Routing decisions don’t always need to be restricted to incoming calls. While traditional metrics such as average hold times are still an important consideration, many businesses are now also interested in newer measurements, such as tracking how many of their customers would recommend the service they have received. For example, outbound routing allows an organisation like a mortgage lender to send a text message to a customer as soon as their application has been approved, making it more likely that the customer will recommend their services to others.

10. Direct routing 

This is the most basic call routing strategy, meaning it’s most popular with businesses that are just starting out.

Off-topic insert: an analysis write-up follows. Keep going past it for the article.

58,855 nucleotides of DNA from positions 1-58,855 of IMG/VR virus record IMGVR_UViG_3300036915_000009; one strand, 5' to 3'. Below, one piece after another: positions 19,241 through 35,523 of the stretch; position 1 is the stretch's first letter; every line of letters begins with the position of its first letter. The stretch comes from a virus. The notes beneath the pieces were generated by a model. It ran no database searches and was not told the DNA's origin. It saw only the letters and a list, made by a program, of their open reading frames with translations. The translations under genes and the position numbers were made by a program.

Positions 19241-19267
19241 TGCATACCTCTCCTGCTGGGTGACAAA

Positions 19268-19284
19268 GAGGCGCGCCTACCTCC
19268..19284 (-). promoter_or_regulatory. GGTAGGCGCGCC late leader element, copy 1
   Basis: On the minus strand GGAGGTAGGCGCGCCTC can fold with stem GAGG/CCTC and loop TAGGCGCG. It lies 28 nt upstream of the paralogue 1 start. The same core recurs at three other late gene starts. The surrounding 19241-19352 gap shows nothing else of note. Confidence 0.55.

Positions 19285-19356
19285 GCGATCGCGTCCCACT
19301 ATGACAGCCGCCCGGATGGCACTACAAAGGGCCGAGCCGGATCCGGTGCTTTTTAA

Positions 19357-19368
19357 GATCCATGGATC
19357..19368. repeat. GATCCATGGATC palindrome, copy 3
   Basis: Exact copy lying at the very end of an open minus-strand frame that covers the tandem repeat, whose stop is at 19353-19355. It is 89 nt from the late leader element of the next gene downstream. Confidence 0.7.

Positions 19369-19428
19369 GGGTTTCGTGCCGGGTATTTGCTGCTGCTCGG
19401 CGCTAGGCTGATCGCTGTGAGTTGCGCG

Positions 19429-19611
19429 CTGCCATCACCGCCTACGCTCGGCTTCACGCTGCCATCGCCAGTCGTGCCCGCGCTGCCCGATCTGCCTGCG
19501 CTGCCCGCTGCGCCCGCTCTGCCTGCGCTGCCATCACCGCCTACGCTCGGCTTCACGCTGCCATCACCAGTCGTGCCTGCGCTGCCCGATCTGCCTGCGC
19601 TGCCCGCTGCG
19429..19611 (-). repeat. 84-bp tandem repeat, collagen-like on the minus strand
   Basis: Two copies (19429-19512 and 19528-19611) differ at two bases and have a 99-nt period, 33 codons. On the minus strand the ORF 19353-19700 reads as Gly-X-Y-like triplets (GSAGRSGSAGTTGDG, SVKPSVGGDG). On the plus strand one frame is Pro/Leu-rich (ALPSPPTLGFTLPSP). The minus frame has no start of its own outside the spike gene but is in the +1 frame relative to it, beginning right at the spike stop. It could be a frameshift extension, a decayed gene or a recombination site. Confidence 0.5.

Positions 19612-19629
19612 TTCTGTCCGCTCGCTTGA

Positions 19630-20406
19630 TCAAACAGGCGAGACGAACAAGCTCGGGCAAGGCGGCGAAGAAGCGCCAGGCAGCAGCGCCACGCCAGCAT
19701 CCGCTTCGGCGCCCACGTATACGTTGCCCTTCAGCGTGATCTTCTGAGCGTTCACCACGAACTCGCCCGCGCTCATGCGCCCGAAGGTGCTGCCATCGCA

With direct routing, multiple phone numbers are used by a business, so that callers who want to speak to the sales department call one number and those who want to speak to the claims department call another. If the line is busy, the customer has to just wait until their call is answered by the next available advisor.

This is not the best strategy for medium to large businesses, as having too many phone numbers confuses customers and can mean long wait times, which increases call abandonment rate.

If you’re thinking about implementing an effective call routing strategy for your business, you might find the following tips useful:

  • Consider hiring additional advisors during busy periods
  • Conduct customer research by reviewing customer feedback and your contact system KPIs
  • Create call groups to enable multiple agents in a group to answer an incoming call